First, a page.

The Wall Street Journal reports on the US Centers for Disease Control and Prevention's use of genetic approaches to study foodborne illnesses.
In Nature this week: Salmonella enterica uncovered in 16th century Mexico cemeteries, reconstruction of Hans Jonatan's genome, and more.
In PNAS this week: host contributors to typhoid fever risk, effects of obesity-related variants near TMEM18, and more.
Scientists at Duke University have found that a gene variant that affects cholesterol levels can potentially increase a patient's risk of contracting typhoid fever.
The firm said that a number of hospitals and labs are expected to evaluate the panel, presenting it with about a $2.0 million annual revenue opportunity.
The technology is identifying sources of foodborne pathogen outbreaks more quickly and precisely than older technology.
In Nature this week: SNP reference panel from the Haplotype Reference Consortium, and more.
Different clades of Salmonella enterica serovar Enteritidis are behind the self-limiting and invasive diseases the bacterium causes in different parts of the world.
Scientists from the Colorado School of Mines have proposed a method to complement mass spec-based protein profiling.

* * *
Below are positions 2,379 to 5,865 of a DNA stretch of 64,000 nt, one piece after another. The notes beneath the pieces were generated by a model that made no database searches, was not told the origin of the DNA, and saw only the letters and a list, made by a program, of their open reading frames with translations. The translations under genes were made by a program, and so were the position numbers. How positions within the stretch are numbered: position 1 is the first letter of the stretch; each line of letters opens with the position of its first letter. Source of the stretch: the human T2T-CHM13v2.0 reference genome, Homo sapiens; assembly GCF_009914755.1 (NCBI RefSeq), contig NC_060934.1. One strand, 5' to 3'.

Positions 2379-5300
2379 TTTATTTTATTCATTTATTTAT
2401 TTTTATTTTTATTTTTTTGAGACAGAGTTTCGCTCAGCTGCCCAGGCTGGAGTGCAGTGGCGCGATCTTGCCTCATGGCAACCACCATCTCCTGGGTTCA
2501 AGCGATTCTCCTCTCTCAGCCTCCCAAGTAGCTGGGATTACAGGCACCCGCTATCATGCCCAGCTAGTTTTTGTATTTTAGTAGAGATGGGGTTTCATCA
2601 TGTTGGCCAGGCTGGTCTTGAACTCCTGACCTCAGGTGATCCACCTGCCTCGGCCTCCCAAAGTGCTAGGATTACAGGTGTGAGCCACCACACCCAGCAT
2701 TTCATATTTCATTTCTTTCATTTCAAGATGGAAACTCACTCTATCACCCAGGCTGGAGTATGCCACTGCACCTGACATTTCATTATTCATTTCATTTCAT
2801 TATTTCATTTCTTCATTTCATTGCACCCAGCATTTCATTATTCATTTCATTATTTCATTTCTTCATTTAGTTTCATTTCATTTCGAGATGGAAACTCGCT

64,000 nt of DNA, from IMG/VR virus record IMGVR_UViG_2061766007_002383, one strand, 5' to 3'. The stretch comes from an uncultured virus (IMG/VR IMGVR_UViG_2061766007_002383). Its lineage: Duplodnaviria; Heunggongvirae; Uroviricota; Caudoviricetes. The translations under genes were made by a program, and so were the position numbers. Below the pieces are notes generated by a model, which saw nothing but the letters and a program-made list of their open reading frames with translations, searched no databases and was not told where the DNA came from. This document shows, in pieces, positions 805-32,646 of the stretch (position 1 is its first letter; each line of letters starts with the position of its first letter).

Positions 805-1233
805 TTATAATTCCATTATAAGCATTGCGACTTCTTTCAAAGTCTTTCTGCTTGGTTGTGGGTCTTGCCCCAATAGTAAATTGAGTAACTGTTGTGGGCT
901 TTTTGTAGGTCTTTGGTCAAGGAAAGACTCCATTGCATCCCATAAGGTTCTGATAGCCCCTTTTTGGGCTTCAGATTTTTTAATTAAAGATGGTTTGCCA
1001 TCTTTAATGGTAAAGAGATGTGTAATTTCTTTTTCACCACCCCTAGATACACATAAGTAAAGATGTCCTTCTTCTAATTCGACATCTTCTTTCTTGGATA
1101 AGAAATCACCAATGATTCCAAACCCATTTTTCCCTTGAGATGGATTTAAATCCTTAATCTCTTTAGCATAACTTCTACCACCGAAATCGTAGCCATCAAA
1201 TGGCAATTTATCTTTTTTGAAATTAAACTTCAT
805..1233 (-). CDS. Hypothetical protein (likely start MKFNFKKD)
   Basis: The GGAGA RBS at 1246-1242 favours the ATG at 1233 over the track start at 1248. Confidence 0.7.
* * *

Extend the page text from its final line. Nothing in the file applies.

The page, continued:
Researchers from Germany, Austria, and the US found that non-coding RNA produced by pathogenic bacteria can influence transcripts produced by both the microbe itself and the infected host.
New results from the NASA Twins Study indicate that the immune system may rev up when in space, the Washington Post reports.
Kelvin Droegemeier, the new science advisor, spoke at the American Association for the Advancement of Science meeting, Geekwire reports.
In PNAS this week: whole-genome assembly for the white shark, paper-based microfluidic method for detecting the malaria parasite, and more.
The World Health Organization has announced the members of its gene-editing committee, according to NPR.